Sermon for February 7, 2016, United Church of Christ in Simi Valley, CA:
Two weeks ago Charles Wei stood here to give a remarkable sermon, the first one I ever heard about a barnyard animal. If you didn’t hear it, then corner Charles at the coffee hour and ask him to tell you about the chicken.
I just want to remind you of how Charles started out; he said that God has many facets, and he wanted to talk about one. In other words, he was making a partial statement about God, a metaphorical statement. In fact, everything we say about God is partial or metaphoric. Nothing we say can possibly express the whole truth about God. Our human brains cannot completely comprehend God.
When Groucho Marx was invited to join the Friars Club in Hollywood, he wrote to them, “ I DON’T WANT TO BELONG TO ANY CLUB THAT WILL ACCEPT PEOPLE LIKE ME AS A MEMBER.” I would say something similar: “I don’t want to worship any God that my little brain can understand.” There must be a bigger God, a much bigger One.
Maybe I caused a little stir some years ago by calling myself a Christian agnostic. There is a footnote here:[Here I inserted a shtick of ostentatiously reading from a footnote: “Footnote 1: An agnostic is a person who does not know, or does not claim to know. A Christian agnostic tries to follow the teachings of Jesus, but thinks that the Christian tradition is not totally based on hard facts.”]
The very funny text that Curtis Rodgers wrote for a T-shirt mentions an agnostic going to church, and that might be me. (For sure, my wife is the Jew.) [Here, I held up the t-shirt, which reads: “A Christian, a lesbian, an agnostic, a Jew, a gay man, a Buddhist, a Republican, and a vegan… walk into a church. Around here… we just call that Sunday.]
Something has happened to me over the years and it came as a surprise. I have become a lot clearer about what I believe. The change has come about because of the visits that our congregation received from Rev Michael Dowd, who has spoken here twice, and because of the thoughtful conversations of our Monday Night Book Study. We spent about a year discussing his book, “Thank God for Evolution.”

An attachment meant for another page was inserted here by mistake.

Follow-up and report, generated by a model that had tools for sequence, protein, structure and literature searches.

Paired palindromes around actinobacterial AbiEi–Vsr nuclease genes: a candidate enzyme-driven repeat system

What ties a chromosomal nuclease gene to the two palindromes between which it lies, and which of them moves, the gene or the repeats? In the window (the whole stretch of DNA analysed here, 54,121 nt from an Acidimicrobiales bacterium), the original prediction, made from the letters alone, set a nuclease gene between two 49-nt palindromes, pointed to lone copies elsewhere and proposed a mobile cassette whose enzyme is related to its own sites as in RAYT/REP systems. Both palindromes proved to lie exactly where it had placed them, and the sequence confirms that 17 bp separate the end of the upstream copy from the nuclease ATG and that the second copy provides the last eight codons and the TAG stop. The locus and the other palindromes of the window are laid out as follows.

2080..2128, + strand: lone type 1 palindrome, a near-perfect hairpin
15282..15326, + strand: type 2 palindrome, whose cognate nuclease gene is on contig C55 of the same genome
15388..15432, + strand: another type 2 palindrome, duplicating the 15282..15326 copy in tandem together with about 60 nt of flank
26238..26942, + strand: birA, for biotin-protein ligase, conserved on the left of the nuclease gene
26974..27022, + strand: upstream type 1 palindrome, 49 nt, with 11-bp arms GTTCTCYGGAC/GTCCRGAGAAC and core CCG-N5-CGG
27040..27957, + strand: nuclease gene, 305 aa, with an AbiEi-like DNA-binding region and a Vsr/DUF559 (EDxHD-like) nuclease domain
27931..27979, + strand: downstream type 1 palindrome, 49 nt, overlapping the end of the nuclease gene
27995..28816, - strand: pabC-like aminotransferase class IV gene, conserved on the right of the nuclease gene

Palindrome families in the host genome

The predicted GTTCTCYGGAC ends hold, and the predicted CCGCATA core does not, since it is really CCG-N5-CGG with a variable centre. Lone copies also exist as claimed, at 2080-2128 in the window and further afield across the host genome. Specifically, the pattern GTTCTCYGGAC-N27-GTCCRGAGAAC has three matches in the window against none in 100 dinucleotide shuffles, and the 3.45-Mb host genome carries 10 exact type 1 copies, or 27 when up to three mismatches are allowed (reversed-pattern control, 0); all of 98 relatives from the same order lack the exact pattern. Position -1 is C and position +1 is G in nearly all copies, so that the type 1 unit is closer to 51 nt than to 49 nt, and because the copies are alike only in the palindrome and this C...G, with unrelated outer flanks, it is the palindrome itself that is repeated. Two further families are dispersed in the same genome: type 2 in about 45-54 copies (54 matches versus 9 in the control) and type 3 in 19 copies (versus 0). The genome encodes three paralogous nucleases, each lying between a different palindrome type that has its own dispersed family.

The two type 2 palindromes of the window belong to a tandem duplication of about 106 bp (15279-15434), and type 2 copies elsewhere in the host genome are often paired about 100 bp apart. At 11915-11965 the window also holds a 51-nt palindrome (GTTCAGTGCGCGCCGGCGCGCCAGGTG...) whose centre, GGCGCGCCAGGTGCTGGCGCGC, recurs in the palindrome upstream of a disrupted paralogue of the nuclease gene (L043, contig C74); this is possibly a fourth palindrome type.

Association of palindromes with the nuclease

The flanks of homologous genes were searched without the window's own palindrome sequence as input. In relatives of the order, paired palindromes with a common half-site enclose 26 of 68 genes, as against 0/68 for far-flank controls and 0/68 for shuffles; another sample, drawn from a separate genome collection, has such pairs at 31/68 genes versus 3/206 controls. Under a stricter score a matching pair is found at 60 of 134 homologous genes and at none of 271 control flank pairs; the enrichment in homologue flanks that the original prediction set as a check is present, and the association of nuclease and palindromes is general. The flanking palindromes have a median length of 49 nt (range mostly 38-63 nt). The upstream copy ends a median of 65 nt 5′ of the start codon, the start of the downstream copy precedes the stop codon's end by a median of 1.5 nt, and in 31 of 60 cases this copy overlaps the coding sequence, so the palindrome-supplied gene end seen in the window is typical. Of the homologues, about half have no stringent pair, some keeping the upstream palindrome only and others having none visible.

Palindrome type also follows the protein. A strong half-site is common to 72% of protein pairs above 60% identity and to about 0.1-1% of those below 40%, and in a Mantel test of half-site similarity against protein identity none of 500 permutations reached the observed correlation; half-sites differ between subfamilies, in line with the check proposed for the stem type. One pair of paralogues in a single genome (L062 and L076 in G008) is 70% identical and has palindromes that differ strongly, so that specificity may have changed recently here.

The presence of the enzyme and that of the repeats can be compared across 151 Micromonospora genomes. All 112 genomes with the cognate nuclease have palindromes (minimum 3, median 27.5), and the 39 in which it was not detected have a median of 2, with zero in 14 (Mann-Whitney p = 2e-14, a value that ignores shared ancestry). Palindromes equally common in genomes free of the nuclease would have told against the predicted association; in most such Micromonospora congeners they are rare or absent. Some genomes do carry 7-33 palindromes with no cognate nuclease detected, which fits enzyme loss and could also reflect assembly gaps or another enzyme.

Michael Dowd introduced us to the Great Story, capital G, capital S, the story that stretches back over 13 billion years. We believe it is that old because astronomers have calculated the distance to the farthest observable galaxies and calculated how long it took for their light to reach us. The mathematics for that is dizzying. You take the speed of light, 186,000 miles per second, times the seconds in a year, 31,536,000. That gives you the distance light travels in a year. Then add 9 zeroes to get the distance light travels in a billion years and multiply that by 13. The result will be supposedly the distance from here to the farthest galaxy. Not star, galaxy.
Now some questions: Is our universe too big for God? [This got a big laugh.] Is God in it somewhere? Or is God out beyond the universe, controlling it all and making it happen? What does it mean to say “out beyond the universe”? Michael Dowd’s answer is that the universe includes God and God includes the universe. Every part of the universe is connected with every other part. He calls that Reality (with a capital R).